Wednesday links: books will be written

16Jul08

Books will be written about this period of time, and our descendants will wonder in awe as to how this was allowed to happen.”  (Big Picture)

Fannie and Freddie are bond insurers with the wrong capital mix.  (DealBook, TheDeal.com)

What role did Fannie and Freddie play in the mortgage crisis?  (Econbrowser)

What is the true cost of the implicit Federal guarantee of agency debt?  (Market Movers)

Borrowing costs for the U.S. will now be higher.  (Alea, FT Alphaville, Financial Armageddon)

What role did other investment banks play in the downfall of Bear Stearns?  (naked capitalism)

Regional banks did not turn out to be safe havens from the mortgage mess after all.  (NYTimes.com)

Is the SEC trying to make legitimate short-selling more difficult?  (DealBreaker.com, breakingviews/WSJ.com also Tim Sykes)

Short selling restrictions transfer activity to the derivatives markets with predictable results.  (Daily Options Report)

Contrarian alert!  Perma-bear David Tice sells his investment firm.  (Infectious Greed also BusinessWeek.com)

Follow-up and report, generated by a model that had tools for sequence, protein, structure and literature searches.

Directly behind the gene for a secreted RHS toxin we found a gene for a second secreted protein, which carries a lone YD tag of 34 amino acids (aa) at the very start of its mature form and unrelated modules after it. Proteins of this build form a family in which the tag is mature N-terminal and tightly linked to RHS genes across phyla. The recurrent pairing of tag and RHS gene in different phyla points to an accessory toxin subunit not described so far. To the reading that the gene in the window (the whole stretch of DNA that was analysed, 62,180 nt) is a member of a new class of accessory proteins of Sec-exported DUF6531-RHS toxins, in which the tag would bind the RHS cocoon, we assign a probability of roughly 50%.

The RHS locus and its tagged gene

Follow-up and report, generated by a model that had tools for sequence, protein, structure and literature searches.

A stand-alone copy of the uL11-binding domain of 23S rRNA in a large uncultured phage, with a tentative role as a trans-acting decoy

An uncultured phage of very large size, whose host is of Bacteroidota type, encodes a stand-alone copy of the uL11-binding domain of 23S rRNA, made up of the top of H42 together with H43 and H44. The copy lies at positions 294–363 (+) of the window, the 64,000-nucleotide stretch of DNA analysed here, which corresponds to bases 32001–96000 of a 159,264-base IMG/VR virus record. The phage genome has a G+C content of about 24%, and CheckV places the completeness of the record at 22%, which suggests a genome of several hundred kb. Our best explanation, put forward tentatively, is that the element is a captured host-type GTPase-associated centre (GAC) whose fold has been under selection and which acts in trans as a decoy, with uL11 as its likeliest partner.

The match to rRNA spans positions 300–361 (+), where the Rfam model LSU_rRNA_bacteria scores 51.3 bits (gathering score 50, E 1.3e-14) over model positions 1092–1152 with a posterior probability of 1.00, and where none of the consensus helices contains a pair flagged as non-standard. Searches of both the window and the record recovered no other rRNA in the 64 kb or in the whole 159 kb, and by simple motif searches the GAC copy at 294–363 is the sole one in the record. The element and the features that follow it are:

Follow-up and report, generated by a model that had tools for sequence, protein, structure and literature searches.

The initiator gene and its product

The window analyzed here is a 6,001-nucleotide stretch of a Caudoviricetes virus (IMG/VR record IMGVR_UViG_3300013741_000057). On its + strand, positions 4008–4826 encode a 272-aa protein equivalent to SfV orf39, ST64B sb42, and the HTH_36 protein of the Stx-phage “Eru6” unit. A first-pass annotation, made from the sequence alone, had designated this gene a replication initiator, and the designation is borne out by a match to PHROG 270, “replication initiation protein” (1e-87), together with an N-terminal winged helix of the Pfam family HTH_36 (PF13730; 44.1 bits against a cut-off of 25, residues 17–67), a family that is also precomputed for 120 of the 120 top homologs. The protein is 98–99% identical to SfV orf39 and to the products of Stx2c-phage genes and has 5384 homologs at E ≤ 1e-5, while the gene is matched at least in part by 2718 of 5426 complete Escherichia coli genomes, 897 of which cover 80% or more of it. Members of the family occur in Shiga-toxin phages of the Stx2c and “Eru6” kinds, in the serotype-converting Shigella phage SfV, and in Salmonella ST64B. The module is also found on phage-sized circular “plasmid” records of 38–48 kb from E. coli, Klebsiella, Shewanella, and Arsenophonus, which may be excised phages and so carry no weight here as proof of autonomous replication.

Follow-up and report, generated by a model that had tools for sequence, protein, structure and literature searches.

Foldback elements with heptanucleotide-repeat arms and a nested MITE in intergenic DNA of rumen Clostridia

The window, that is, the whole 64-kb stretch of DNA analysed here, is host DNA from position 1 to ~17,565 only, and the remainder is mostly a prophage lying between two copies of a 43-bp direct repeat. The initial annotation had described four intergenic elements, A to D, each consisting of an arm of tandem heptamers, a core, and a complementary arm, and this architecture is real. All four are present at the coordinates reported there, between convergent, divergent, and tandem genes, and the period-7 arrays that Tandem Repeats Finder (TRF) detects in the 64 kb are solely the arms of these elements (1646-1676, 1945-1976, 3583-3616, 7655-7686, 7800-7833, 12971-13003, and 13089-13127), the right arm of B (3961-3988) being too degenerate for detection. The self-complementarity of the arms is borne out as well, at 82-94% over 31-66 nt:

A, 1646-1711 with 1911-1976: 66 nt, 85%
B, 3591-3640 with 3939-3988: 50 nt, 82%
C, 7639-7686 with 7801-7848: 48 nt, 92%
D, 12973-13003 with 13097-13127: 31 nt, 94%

Five things that have gone right of late.  (Deal Journal)

Five reasons to be long Lehman Bros. (LEH).  (TheStreet.com)

S&P 500 dividend yield are at their highest level since 1995.  (Bespoke Investment Group)

One-third of stocks hit a new low on the NYSE for the first time since 1990.  (Quantifiable Edges)

Private equity funds floated in Europe last year are languishing.  (FT.com)

Hedge funds used to be highly differentiated investment vehicles.”  (Humble Student of the Markets)

How has fundamental indexation worked as of late?  (IndexUniverse.com)

How many alternative investment strategies does a portfolio need?  (SSRN.com via Infectious Greed)

“Are equities a suitable hedge against inflation?”  (FT.com)

On the relationship between oil prices and the stock market.  (NakedShorts)

Oil prices and the rise CPI.  (Capital Spectator, Calculated Risk)

More and more Americans think the economy stinks.  (Crossing Wall Street)

Apple (AAPL) is making it difficult for developers on the iPhone platform.  (Silicon Alley Insider)

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